1870 MANNY WEINBERGER

manny-in-wapping-1_copyright

New York is not as Emmanuel Weinberger expected it to be. As it slips past his ship, glimpsed through a forest of masts and sails, the buildings seem too old to be in a new country. A bag lands at his feet. “Here’s your bag.” says a sailor. This ship will barely dock before it is sets sail again – to pick up supplies – to sail another sea – to pick up more Emmanuel Weinbergers and their life savings.

Wapping is not in New York, though it takes a walk of some distance before this really settles in. All docks look like docks, but there is no hint of a promised land here. Manny begins to hate himself almost as much as the sailors must have hated him to do such a thing. If there is a family waiting for him on a wharf, it is a wharf still an ocean away. How could he have believed the captain when he said fair winds had gifted them a speedy voyage to America?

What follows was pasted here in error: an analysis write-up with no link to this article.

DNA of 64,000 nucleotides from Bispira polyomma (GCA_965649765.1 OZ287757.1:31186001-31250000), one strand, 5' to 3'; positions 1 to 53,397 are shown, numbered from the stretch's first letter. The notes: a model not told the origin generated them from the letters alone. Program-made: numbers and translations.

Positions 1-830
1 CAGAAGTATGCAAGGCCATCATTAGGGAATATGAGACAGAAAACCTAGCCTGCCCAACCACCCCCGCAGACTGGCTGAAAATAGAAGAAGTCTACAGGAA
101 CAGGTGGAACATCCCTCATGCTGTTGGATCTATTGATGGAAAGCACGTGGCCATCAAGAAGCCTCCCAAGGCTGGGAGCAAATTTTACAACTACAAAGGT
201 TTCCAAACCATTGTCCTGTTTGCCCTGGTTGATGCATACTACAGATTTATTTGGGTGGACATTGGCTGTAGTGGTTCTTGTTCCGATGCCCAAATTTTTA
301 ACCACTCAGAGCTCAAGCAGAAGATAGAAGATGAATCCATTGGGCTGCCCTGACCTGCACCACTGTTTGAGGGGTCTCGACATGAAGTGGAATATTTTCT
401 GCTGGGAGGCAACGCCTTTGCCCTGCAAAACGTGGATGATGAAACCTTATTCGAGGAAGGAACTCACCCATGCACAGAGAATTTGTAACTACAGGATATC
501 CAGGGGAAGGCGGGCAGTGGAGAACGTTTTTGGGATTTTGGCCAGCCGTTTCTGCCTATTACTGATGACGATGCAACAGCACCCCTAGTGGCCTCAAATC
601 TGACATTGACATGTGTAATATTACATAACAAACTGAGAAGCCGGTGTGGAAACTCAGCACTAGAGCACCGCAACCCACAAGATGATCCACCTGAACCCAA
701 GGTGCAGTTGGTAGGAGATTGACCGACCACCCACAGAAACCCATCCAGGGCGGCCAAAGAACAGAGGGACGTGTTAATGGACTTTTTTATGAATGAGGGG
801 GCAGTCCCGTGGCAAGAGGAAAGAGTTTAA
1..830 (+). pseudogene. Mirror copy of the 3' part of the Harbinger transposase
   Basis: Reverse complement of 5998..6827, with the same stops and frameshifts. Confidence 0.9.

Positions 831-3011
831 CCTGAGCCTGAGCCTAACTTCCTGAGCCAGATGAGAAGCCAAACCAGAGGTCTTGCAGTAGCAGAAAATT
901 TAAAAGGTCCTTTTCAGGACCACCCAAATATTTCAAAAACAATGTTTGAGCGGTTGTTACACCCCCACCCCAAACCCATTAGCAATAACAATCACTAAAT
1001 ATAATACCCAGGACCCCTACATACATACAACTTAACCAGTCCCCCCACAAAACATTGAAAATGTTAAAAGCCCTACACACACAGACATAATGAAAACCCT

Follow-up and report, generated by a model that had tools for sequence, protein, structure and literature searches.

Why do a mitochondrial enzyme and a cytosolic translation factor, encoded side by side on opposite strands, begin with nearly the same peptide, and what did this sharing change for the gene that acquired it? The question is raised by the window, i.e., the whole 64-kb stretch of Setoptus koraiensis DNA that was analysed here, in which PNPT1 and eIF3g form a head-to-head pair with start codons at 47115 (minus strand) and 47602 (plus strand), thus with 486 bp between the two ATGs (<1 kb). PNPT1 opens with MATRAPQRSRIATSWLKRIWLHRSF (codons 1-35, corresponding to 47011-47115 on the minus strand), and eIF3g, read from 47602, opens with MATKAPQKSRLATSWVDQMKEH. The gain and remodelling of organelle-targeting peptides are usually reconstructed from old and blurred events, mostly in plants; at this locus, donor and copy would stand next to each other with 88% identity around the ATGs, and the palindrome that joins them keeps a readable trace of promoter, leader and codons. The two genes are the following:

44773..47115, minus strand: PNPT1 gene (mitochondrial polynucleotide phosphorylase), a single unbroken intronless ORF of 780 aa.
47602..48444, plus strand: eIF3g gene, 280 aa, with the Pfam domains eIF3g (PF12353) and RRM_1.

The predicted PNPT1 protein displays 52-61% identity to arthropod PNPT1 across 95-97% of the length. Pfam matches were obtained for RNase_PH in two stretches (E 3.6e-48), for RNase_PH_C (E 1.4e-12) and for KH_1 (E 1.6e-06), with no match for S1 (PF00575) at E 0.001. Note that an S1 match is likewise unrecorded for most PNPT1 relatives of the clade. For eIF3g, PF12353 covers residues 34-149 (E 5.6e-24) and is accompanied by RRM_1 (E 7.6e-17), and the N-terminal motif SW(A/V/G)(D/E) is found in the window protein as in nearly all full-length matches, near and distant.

With nowhere to sleep tonight, he looks for places where others like him might sleep. Wandering far from gas lamps and footsteps, he finds a yard where men have slung a ragged sail to make a shelter. No one speaks. But everyone knows. They allow him to join them. The silent men are brown in a way Emmanuel has never seen before. Though none has the language of the land where they now dwell, each understands they are castaways and will have to make the best of things on this island of cobbles and smoke.

ALAN GILBEY

This fictional  tale describes an often repeated immigrant experience   The picture is actually Dan Jones’ great grandfather Louis  Binderowski whose son, Morris, a tailor,  fled from Swonim in what was then Imperial Russia to escape anti-Jewish pogroms in the Polish Pale of Settlement. Morris sailed from Kalingrad on the Baltic in 1888, landing in Hull, thinking it was New York.

About the authors | About Dan Jones | About the project

Please seek permission before using this text in any other format / please inform the author if you use any part of this text in another format.

Advertisements

Leave a Reply

Fill in your details below or click an icon to log in:

WordPress.com Logo

You are commenting using your WordPress.com account. Log Out / Change )

Twitter picture

You are commenting using your Twitter account. Log Out / Change )

Facebook photo

You are commenting using your Facebook account. Log Out / Change )

Google+ photo

You are commenting using your Google+ account. Log Out / Change )

Connecting to %s